Patting my head, and rubbing my belly

Looks like they all fell off…

Do you know what food makes more vegetarians fall off the produce wagon than any other?

It’s bacon.

bacon 2

Yeah, I can see that.

Bacon is the crack of the meat world.  Everything about it is enticing.  The magical aroma fills your house and makes you feel like you’re a ten-year-old, and Mom is cooking a big Saturday breakfast.  It’s pretty to look at; uncooked, there is beauty in potential.  Cooked, you can almost taste those gorgeous, color-coordinated stripes.

Pancetta is usually rolled and tied before curing.

And then there’s the flavor.  American bacon has a smoky, salty flavor that goes well with anything from sandwiches to cupcakes.  Italian pancetta which is not smoked, but spiked with herbs, peppercorns, and juniper berries has a porky, slightly astringent quality.

Both bacon and pancetta are cured meats.  Originally, before refrigeration, this was done to preserve the meat.  But they taste so darn good, now it’s done for fun.

Raw, unprocessed pork belly, just waiting to be loved.

Although its popularity in restaurants has recently soared, most home cooks have never cooked with bacon’s pristine patriarch; pork belly.  The belly of the beast can be hard to find, but well worth the chase.  My most reliable source for beautiful belly is from Fickle Creek farm, at the Durham farmers market (501 Foster St).

Ben from Fickle Creek getting ready to makes somebody’s day.

The degree of difficulty doesn’t stop there.  Pork belly is not a grilled cheese or a minute steak.  Love, time, and care must be lavished upon it.  But done well, it results in an unctuous meat whose flavor and texture are totally delicious, and totally unique.

My recipe is original, but some of the technique comes from Chef Emeril Lagasse.  It’s a three-day procedure, but don’t let that scare you.  The hardest thing is mixing up the marinade.  Mainly it’s just time to cook slowly, develop flavor, and become tender.

The marinade uses Coke (not diet) as a base.  Cola may sound simplistic, but it’s actually a very complex concoction.  There is sweet, acid, bitterness, spices, and flavorings.  I promise, this is the best use of a can of coke ever, and this is coming from somebody who loves an ice-cold green glass bottle.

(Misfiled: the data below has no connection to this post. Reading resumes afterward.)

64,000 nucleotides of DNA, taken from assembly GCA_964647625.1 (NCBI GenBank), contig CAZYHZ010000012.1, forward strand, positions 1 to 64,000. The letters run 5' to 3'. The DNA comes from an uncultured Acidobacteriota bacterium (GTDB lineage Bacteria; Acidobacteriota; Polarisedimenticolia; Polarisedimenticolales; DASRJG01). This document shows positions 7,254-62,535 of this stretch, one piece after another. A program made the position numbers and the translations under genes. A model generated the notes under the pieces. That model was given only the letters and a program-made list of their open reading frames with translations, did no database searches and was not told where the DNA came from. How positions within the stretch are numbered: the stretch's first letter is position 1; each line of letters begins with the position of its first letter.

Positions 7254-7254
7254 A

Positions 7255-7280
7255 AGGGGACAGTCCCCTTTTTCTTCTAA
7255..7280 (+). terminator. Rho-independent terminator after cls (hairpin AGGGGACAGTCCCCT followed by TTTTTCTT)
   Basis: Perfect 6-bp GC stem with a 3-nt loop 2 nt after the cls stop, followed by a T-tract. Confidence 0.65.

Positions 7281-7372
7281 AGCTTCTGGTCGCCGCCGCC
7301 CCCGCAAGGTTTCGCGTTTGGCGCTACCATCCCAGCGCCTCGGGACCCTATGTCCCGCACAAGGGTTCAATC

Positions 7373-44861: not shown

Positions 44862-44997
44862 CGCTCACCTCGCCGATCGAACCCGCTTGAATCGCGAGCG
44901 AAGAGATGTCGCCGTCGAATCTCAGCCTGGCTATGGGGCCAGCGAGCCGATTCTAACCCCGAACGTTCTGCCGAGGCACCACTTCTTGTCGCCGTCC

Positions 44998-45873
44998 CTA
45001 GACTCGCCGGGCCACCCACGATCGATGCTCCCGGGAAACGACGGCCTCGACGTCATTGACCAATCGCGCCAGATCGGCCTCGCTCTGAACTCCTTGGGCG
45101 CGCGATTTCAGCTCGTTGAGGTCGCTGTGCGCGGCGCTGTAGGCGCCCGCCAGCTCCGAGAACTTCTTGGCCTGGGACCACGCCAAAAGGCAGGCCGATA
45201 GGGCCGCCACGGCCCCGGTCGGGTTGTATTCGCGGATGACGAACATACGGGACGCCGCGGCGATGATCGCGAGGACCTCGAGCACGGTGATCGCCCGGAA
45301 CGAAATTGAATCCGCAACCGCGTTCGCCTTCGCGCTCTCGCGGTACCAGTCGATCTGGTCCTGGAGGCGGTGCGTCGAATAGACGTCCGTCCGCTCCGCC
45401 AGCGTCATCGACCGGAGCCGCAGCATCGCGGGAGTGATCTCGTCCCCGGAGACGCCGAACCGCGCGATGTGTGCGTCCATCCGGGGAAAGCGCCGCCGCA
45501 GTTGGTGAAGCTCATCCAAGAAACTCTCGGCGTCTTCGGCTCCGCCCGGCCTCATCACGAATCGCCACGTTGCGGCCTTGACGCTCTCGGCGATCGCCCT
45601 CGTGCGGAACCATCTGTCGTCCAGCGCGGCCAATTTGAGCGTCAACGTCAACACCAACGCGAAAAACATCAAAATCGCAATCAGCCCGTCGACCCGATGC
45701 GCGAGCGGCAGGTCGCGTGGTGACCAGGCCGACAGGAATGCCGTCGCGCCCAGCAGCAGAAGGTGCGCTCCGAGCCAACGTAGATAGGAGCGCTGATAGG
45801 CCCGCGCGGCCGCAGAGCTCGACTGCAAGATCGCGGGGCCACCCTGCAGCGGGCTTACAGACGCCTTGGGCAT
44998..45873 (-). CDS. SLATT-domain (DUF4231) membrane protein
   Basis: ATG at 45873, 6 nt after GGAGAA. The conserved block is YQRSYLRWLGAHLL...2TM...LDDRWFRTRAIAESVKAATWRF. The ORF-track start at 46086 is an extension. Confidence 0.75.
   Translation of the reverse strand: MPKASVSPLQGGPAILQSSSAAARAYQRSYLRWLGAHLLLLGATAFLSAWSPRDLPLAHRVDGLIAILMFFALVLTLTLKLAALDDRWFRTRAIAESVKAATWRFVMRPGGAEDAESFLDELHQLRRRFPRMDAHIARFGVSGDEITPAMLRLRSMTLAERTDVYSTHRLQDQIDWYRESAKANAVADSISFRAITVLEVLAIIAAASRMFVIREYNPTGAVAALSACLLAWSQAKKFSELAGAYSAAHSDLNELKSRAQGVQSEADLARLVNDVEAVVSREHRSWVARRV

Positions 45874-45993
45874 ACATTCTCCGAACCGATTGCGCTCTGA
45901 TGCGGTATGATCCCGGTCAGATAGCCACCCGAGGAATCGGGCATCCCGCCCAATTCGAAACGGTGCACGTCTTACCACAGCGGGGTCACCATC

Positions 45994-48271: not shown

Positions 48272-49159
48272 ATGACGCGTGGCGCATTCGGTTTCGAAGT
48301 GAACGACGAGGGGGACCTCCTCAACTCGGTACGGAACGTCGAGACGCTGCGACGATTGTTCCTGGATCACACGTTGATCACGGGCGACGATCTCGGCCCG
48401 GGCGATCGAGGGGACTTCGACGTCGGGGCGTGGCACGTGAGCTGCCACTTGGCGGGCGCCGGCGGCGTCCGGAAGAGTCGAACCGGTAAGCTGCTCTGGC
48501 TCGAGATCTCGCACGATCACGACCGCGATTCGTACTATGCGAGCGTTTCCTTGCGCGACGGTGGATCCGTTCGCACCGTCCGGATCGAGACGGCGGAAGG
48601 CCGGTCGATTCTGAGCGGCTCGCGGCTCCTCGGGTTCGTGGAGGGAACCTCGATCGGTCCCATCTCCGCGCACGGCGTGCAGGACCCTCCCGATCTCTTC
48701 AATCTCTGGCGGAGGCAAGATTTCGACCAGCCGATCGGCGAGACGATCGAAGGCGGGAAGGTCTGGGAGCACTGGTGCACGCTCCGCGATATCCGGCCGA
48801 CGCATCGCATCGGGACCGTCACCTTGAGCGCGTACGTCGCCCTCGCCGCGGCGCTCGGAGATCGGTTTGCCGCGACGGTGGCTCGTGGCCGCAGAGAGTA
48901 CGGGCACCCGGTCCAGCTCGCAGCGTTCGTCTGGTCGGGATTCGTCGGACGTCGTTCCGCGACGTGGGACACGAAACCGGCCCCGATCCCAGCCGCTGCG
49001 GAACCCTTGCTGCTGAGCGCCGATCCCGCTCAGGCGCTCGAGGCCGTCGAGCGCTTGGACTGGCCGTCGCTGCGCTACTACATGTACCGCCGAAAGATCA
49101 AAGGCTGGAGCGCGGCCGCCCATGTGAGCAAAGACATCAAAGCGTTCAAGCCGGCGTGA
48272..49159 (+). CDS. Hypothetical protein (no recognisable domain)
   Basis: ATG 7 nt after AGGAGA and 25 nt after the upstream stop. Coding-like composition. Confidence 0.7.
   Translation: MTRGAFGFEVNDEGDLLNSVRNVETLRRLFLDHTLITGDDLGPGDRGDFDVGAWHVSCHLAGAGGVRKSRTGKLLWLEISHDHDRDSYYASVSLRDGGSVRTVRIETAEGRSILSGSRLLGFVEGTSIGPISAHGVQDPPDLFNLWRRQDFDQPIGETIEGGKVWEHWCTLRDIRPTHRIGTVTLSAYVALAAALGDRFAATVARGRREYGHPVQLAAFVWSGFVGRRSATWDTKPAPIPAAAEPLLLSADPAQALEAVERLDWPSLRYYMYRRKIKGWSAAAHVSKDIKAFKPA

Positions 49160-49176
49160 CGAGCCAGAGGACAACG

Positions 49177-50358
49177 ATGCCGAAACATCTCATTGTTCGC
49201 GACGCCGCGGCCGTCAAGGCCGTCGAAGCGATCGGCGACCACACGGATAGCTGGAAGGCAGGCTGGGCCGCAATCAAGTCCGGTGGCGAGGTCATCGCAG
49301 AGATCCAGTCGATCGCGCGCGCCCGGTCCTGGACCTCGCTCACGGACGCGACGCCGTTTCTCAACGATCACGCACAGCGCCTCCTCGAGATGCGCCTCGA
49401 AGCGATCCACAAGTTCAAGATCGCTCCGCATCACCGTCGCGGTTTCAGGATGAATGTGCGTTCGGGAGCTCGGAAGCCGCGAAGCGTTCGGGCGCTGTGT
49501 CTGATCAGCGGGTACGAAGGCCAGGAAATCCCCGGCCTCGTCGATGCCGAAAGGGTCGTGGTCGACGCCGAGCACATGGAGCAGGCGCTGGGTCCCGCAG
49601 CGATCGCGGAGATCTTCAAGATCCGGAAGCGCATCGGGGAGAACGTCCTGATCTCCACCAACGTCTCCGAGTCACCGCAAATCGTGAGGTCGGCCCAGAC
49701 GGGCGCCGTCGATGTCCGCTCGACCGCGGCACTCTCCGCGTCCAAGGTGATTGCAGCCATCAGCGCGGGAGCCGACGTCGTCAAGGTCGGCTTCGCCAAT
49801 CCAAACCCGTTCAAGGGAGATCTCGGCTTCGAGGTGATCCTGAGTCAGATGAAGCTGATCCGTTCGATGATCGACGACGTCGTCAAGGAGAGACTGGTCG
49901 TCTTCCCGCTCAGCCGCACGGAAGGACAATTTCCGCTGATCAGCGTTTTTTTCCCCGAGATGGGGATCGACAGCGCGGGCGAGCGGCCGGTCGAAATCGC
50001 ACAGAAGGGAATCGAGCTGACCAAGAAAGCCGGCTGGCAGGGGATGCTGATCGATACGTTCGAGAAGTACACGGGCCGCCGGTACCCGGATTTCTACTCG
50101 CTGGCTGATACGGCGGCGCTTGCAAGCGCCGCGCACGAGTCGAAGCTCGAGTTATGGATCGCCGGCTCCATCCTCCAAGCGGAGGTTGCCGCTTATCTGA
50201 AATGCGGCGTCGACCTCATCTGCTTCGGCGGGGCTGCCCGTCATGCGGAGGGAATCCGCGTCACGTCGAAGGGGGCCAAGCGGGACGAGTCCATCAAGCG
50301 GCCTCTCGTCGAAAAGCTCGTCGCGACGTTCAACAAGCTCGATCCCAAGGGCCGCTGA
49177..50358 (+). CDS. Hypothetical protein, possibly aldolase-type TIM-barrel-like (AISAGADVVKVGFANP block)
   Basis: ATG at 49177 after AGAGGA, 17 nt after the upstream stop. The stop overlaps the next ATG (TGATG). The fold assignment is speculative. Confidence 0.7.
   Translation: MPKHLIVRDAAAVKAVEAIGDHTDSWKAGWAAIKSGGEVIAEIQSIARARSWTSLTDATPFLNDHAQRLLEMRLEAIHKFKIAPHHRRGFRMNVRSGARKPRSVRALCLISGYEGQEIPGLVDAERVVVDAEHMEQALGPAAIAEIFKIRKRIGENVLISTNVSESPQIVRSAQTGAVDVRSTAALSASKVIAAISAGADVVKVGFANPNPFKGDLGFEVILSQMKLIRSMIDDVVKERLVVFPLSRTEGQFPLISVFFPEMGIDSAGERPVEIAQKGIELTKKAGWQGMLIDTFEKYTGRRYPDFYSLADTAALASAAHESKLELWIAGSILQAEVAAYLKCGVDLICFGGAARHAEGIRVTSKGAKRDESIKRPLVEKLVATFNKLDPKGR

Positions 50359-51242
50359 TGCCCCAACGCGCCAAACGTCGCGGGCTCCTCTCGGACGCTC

Pork belly

1 ½ pounds pork belly, frozen

Whisk together:

1 can coke

1 tablespoon mushroom soy

1 tablespoon Dijon mustard

1 teaspoon dry thyme

1 teaspoon Chinese 5 spice powder

4 cloves garlic, crushed and sliced

1 bay leaf

Score fat side of belly in a diamond pattern and put it and marinade in zip top bag.  Refrigerate for 24-48 hours.

Cooking:

2 cups chicken stock

Preheat oven to 300 degrees.  Place belly fat side down into Pyrex dish in which the meat fits.  Pour in marinade, and chicken stock.

Bake for 1 hour.

Turn meat to fat side up and bake for 2 hours more.

While it’s baking, add water if too much liquid cooks out.  You want it at least 3/4 the way up the meat.

Remove from oven and skim off as much fat as you can.  Let cool for about 45 minutes, then cover and refrigerate.

The final Cook:

1 ½ cups chicken stock

4 cups micro-greens or pea shoots

The next day preheat oven to 400 degrees, and remove belly from fridge.  Uncover, and remove any fat that has hardened overnight.

Bake for 25 minutes and remove from oven.

Place on cutting board, and slice into ½ inch slices.  Heat non-stick skillet, and lay slices into pan.  Add about ½ cup cooking liquid and cook on medium until the juice has cooked out.

Flip slices and add another ½ cup of liquid.  Cook until the pan is dry then remove.

To plate, Line up 3 or 4 slices, and top with a handful of greens.

Serves four.

hasselback

You can throw a steak on the grill, and a potato into the oven to bake any time.  But cooking a pork belly for your friends or family really says, “I love you, and want to treat you extra special”.

In fact, The Kid’s birthday is coming up, and I can’t think of a better meal to make to celebrate it.

Unless that nutty child of mine would rather have Dog House.

Really though, what’s not to love?

Thanks for your time.

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